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Robert Payne Collection
Collection 293


Pierre Stephen Robert Payne was born December 4, 1911, in Saltash, County of Cornwall, England, the son of Stephen Payne, a naval architect, and Mireille Louise Antonia (Dorey) Payne, a native of France. Payne was the eldest of three brothers. His middle brother was Alan (Marcel Alan), and his youngest brother was Tony, who died at the age of seven.

Payne went to St. Paul's School, London. He attended the Diocesan College, Rondebosch, South Africa, 1929-1930; the University of Capetown, 1928-1930; Liverpool University, 1933-1935; the University of Munich, summer, 1937, and the Sorbonne, in Paris, 1938.

Payne first followed his father into shipbuilding, working as a shipwright's apprentice at Cammell, Laird's Shipbuilding Company, Birkendhead, 1931-1933. He also worked for the Inland Revenue as an Assistant Inspector of Taxes in Guilford in 1936. In 1937-1938 he traveled in Europe and, while in Munich, met Adolf Hitler through Rudolf Hess, an incident which Payne vividly describes in his book Eyewitness. In 1938 Payne covered the Civil War in Spain for the London News Chronicle, an experience that resulted in two books, A Young Man Looks at Europe and The Song of the Peasant.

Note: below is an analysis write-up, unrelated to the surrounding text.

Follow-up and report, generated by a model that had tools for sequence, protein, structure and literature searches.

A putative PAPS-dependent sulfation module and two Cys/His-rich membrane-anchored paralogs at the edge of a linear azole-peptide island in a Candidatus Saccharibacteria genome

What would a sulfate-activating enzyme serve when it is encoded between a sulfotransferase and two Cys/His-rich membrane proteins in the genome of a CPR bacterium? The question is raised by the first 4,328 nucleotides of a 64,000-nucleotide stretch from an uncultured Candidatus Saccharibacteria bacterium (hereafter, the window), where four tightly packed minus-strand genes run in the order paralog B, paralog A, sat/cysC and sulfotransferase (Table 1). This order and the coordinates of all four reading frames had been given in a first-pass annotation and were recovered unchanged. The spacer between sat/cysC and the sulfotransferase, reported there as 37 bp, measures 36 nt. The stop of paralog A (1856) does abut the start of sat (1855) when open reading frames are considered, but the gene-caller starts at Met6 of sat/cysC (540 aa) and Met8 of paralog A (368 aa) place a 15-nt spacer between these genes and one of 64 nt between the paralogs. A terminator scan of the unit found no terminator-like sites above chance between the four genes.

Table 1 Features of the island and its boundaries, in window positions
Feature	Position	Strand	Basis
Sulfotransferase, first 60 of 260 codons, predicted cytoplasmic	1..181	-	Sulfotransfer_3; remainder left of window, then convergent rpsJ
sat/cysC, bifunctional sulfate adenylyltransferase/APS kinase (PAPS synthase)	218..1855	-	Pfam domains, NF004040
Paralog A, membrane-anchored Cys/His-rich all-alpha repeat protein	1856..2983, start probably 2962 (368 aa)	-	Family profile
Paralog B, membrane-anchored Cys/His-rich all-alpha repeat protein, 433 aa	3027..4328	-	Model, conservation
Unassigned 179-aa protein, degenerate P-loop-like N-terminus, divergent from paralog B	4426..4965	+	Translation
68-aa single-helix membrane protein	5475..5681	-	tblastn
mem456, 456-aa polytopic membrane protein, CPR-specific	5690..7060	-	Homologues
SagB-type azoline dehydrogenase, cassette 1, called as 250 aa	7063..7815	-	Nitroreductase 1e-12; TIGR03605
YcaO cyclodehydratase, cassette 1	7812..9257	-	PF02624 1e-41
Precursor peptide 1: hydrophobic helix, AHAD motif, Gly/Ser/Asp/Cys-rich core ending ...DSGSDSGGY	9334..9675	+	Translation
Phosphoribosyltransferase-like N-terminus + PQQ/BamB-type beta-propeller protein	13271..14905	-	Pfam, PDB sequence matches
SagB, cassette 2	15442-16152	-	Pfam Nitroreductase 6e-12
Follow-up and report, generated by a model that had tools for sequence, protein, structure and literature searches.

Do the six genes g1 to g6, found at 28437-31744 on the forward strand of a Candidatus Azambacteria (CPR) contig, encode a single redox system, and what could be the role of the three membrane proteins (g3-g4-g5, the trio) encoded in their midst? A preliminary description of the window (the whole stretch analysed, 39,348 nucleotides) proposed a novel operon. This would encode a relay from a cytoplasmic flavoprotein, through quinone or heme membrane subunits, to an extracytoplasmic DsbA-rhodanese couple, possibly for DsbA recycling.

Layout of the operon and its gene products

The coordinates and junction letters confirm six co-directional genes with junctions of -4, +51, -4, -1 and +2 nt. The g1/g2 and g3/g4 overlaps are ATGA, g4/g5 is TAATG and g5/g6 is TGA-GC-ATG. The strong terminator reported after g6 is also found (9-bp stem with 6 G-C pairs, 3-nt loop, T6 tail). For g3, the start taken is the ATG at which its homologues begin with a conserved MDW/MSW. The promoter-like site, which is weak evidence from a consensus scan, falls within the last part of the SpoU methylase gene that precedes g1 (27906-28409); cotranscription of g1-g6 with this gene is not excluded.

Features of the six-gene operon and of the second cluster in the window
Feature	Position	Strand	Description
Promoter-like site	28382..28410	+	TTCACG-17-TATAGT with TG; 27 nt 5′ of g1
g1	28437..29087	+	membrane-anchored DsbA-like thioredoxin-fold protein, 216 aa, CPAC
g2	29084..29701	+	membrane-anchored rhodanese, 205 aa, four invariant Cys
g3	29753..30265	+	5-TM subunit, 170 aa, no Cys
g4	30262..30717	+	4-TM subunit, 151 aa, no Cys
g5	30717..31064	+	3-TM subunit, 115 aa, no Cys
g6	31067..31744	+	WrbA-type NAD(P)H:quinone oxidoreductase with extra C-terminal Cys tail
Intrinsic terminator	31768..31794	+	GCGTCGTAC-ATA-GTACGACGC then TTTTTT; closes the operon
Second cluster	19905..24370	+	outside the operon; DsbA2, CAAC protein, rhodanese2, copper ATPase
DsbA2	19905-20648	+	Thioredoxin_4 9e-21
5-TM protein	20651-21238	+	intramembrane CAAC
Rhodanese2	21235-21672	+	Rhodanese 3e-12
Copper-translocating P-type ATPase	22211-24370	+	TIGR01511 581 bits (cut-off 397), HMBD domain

From 1939 to 1941 Payne worked as a shipwright at the Singapore Naval Base and in 1941 he became an armament officer and chief camouflage officer for British Army Intelligence there. In December, 1941, he was sent to Chungking, China, to serve as Cultural Attaché at the British Embassy.

In January, 1942, he covered the battle of Changsha for the  The London Times, and from 1942 to 1943 he taught English literature at Fuhtan University, near Chungking. Then, persuaded by Joseph Needham, he went to Kunming and taught poetry and naval architecture at Lienta University from 1943 to 1946. The universities of Peking, Tsinghua, and Nankai had converged in Kunming to form the University at Lienta. It was there that Payne, together with Chinese scholars and poets, compiled and co-translated The White Pony.

In China Payne met General George C. Marshall, Chiang Kai-shek, and Mao Tse-tung, who was elusive and living in the caves of Yenan, all of whom later became subjects for his biographies. From his time in China also came the autobiographical volumes Forever China and China Awake, and the historical novels Love and Peace and The Lovers.

From China, Payne briefly visited India in the summer, 1946, which resulted in a love for Indian art. Throughout his life, Payne retained a love for all forms of oriental art.